grasslands to the largest rain forest in the
world.
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15
SECTION
Climate and Vegetation
2
A Varied Climate and Vegetation
Reasons for the Variety Latin Americas broad
range of climate, vegetation due to 3
factors - it spans great distances on either
side of the equator - it has big changes in
elevation due to the mountains - its
climates affected by both warm Atlantic,
cold Pacific currents
Interactive
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16
SECTION
2
Tropical Climate Zones
Tropical Wet Rain forestsdense forests with
different species of trees - hot and rainy all
year - unique ecosystemcommunity of plants,
animals living in balance Largest is Brazils
Amazon rain forest with 2 million square
miles - 2,500 types of Amazon trees - animals
include anaconda, jaguar, piranha
Continued . . .
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17
SECTION
2
continued Tropical Climate Zones
Tropical Wet and Dry Savannas found in Brazil,
Colombia, Argentina - hot with seasonal rain
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18
SECTION
2
Dry Climate Zones
Semiarid Dry climate with some rain - home to
vast, grass-covered plains or desert shrubs -
found in Mexico, Brazil, Uruguay, Argentina
Desert Found in north Mexico, coast of Peru,
north Chiles Atacama Desert - parts of
Argentinas southern Patagonia are desert
Vegetation is mostly shrubs growing in gravel
or sand
Image
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19
SECTION
2
Mid-Latitude Climate Zones
Humid Subtropical Rainy winters and hot,
humid summers varied vegetation - parts of
Paraguay, Uruguay, south Brazil and Bolivia,
north Argentina
Mediterranean Hot, dry summers and cool,
moist winters - vegetation is chaparral
(drought-resistant trees) - this is the climate
of part of Chile along the west coast -
climate similar to that of California
Continued . . .
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20
SECTION
2
continued Mid-Latitude Climate Zones
Marine West Coast Cool, rainy winters and
mild, rainy summers forest vegetation - occurs
in southern Chile and Argentina - similar to the
climate of Oregon or Washington
Highlands Varies from moderate to cold due to
elevation, wind, sun, landscape - found in
mountains of Mexico and South America
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21
The people of Latin America have altered the
land through agriculture and urbanization.
Tourism is having a growing impact on the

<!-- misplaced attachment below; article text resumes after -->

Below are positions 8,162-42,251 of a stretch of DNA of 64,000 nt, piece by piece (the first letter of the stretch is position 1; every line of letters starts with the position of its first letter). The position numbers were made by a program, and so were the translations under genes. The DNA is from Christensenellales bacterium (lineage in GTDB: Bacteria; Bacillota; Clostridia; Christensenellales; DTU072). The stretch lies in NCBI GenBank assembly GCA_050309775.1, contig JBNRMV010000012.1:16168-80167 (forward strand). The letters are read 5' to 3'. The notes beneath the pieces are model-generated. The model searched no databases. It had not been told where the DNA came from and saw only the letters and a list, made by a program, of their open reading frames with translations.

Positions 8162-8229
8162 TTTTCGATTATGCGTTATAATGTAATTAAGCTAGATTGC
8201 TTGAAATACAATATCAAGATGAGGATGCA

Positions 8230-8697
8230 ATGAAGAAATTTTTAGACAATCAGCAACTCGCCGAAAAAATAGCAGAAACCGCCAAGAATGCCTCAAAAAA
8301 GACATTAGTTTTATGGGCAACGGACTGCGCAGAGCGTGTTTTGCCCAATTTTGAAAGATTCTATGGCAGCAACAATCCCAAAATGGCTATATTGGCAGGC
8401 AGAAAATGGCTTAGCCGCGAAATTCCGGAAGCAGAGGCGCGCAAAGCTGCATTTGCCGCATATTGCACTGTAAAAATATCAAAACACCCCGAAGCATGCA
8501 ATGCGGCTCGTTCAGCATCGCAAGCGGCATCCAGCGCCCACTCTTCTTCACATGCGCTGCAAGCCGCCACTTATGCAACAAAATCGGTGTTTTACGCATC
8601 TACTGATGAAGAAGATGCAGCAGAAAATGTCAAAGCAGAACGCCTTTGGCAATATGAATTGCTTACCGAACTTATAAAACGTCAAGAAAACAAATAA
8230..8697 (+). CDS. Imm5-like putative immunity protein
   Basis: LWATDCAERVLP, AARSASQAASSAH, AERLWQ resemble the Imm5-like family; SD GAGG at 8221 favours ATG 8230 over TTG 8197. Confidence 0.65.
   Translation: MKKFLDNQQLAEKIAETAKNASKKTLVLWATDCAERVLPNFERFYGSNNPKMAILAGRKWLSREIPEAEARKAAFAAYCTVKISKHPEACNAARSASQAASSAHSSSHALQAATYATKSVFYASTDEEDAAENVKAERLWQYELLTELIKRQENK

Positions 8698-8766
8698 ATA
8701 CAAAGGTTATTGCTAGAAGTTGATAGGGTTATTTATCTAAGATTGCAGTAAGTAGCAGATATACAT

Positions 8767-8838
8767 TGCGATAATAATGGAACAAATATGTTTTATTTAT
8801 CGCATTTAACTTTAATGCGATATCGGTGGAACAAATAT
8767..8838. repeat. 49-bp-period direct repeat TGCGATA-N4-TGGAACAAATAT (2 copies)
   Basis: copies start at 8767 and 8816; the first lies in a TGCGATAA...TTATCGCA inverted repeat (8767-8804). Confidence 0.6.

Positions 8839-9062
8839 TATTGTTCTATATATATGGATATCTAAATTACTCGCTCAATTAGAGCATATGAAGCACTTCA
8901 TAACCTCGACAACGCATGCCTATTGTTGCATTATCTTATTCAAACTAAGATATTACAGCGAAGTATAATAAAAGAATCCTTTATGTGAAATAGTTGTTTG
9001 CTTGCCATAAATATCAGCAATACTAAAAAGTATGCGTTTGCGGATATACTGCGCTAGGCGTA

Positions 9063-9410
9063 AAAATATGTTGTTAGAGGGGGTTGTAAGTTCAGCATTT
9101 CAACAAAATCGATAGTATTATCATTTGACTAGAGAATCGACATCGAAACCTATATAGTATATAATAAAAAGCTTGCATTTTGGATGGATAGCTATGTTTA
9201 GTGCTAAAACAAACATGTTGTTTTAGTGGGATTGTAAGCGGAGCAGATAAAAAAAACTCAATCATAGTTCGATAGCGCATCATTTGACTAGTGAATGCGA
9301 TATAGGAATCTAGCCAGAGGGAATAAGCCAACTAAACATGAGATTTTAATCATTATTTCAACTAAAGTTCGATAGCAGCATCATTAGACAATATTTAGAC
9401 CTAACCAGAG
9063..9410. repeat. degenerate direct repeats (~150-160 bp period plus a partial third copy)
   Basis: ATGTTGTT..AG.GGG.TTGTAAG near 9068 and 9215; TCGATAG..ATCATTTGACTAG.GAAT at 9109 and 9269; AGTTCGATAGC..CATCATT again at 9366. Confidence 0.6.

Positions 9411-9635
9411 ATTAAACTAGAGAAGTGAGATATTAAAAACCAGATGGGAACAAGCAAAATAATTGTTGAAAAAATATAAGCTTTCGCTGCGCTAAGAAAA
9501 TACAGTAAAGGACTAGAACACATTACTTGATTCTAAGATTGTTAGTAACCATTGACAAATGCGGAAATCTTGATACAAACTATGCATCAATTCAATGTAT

environment of Latin America.
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22
SECTION
Human-Environment Interaction
3
Agriculture Reshapes the Environment
Slash-and-Burn Slash-and-burncut trees,
brush, grass burn debris to clear fields
- used by native peoples and today by
poor farmers in Amazon basin - they move to
new area when soil is exhausted - one reason for
shrinking rain forests
Image
Terraced Farming Terraced farmingstep-like
farm fields cut into mountains, hillsides
- lets crops grow on steep land, cuts down
on soil erosion - used by Incas in Peru,
Aztecs in Mexico
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23
SECTION
3
Urbanization The Move to the Cities
From Country to City Highly urbanized
countries Argentina, Chile, Uruguay, Brazil
Subsistence farming barely supports people and
their families - they move to cities to improve
their lives Push factorsfactors that push
people to leave rural areas - poor medical care,
poor education, bad jobs, only rich few own land
Pull factorsfactors that pull people to
cities - better jobs, schools, medical care
Continued . . .
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24
SECTION
3
continued Urbanization The Move to the Cities
Rapidly Growing Cities Six of Latin Americas
most populous cities are in South America - São
Paulo and Rio de Janeiro, Brazil Lima,
Peru - Buenos Aires, Argentina Bogotá,
Colombia Santiago, Chile Most populous city
in Latin America is Mexico City - 18 to 20
million in city, 30 million in greater metropoli
tan area
Continued . . .
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25
SECTION
3
continued Urbanization The Move to the Cities
Rapidly Growing Cities Similar problems affect
cities throughout region - growing
slums - increasing unemployment and
crime - environmental problems include air
pollution, drinking water shortages
Governments cant afford facilities to support
population increases - failing
infrastructuresewers, transportation, electrici
ty, housing
Chart
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26
SECTION
3
Tourism Positive and Negative Impacts
Advantages of Tourism Tourists spend money on
souvenirs, trips, restaurants - new hotels,
businesses have been built in Mexico and the
Caribbean - regional ports serve cruise
ships - residents work in restaurants and
resorts, guide tours and activities Helps
reduce income gap between rich and poor
Image
Continued . . .
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27
SECTION
3
continued Tourism Positive and Negative Impacts
Disadvantages of Tourism Resorts built in
unspoiled settings create congestion, pollution
Gap between rich tourists and poor residents
creates resentment Local governments run up
debt to build tourist facilities - airports,
harbors, hotels, resorts, sewage systems,
shopping malls Facility owners often live out
of country, so profits leave the area - such
owners make decisions that may not be in areas
best interest
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28